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First, I pay tribute to those who have worked so hard to bring the Bill before Parliament. Marie McCourt’s formidable campaign for Helen’s law in memory of her daughter, Helen McCourt, is the reason we stand here today for the Bill’s Second Reading. Helen McCourt was murdered in 1988. Her body has never been found. Helen’s murderer was released from prison last week and has provided no information about the whereabouts of her body. The unimaginable pain caused to Helen’s family and other victims of such unthinkable crimes is only compounded when they are denied the dignity of laying their loved ones to rest. I also pay tribute to my hon. Friend Conor McGinn for his support for Helen’s family with his campaign.
Secondly, I would like to highlight the case of a serious sex offender whose non-disclosure of information about their living victims will cause untold distress to a community for years to come. Vanessa George abused multiple children at the Little Ted’s nursery, where she worked in Plymouth. She was sentenced in December 2009 after being charged with seven offences, including sexual assault and making, possessing and distributing indecent images of children. She was given an indeterminate sentence for reasons of public protection to serve a minimum of seven years for her crimes against toddlers and babies.
Vanessa George was released in September 2019 with a number of conditions, but to this day she has not revealed the names of the toddlers and babies she abused. My hon. Friend Luke Pollard campaigned for such offences to be included in the Bill. He also strongly objected to her release from prison, as he believes, rightly, that her non-disclosure shows no remorse. The nursery where she carried out her horrendous crimes, and the wider community that have been so profoundly affected by her actions, fall within my hon. Friend’s constituency. As the identities of all of Vanessa George’s living child victims are not known, they will not be able to access the emotional and psychological support services that they need as a result of the crimes that she committed against them.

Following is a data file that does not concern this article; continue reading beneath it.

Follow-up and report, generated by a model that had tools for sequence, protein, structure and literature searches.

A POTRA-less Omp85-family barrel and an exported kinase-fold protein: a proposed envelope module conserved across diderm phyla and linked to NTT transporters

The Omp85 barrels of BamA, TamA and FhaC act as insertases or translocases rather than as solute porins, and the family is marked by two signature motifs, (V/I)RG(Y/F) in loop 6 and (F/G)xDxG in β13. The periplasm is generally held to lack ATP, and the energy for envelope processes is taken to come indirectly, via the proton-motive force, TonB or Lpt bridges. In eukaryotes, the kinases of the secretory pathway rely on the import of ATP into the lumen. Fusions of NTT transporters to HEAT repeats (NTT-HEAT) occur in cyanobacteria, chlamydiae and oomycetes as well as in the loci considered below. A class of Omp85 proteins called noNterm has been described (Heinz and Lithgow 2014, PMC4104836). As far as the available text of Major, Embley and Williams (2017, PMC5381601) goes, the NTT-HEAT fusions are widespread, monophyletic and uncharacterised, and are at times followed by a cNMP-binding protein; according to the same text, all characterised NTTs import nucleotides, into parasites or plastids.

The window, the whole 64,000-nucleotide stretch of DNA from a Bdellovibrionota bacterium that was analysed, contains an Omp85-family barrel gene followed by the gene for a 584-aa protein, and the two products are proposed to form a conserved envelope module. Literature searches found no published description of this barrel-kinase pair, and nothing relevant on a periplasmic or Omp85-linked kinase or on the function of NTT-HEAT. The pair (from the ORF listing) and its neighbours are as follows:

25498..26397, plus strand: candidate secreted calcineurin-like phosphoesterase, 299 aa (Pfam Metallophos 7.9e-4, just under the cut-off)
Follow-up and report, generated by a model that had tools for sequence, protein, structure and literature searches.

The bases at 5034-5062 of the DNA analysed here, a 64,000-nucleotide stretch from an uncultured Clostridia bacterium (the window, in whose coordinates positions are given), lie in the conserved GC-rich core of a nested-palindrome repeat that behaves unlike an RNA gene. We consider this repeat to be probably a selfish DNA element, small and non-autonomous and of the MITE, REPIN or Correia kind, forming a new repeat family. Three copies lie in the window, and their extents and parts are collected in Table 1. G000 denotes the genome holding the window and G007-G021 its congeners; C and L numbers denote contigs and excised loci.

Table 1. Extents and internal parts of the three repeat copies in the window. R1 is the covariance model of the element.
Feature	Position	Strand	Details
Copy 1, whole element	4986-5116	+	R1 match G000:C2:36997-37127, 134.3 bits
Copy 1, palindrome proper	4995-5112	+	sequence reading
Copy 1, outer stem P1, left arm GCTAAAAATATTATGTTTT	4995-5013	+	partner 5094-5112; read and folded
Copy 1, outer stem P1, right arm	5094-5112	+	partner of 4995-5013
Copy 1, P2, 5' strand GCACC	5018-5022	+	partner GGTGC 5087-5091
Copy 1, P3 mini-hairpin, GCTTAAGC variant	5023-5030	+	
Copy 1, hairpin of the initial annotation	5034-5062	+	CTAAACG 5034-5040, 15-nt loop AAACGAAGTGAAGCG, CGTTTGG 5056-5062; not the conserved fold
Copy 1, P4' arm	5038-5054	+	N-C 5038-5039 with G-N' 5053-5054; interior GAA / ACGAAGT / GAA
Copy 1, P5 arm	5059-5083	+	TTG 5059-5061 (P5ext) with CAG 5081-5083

Vanessa George’s conditions of release state where she cannot live and work, and that she cannot use the internet, but they are almost impossible to regulate. More profoundly, affected families were not informed that she would be released and only found out through social media and local news. Put simply, victims and their families who have already suffered psychological harm should not be put through the additional emotional trauma caused by offenders who refuse to disclose information about their victims. When offenders do refuse to disclose information, it is right that they are viewed as still posing a threat to the public.
My party supports the Bill as it will put into statute already established guidance for the Parole Board when making decisions about the suitability of serious offenders for release. The Parole Board’s role is to protect the public by carrying out risk assessments on prisoners to decide whether they can be released safely back into the community. The decisions the Parole Board makes can be life-changing for victims and prisoners, so we must never underestimate the gravity of the conclusions that the panel members come to. The Parole Board’s guidance advises panel members to consider any failure or refusal by an offender to disclose the whereabouts of their victim’s remains when assessing suitability for release. It is also established Parole Board practice to consider the non-disclosure of relevant information by offenders in cases involving living victims. That guidance and practice will now become law under the Bill. It does not change the statutory release test, but rather the Parole Board must consider the non-disclosure of information when applying the release test and making its assessments.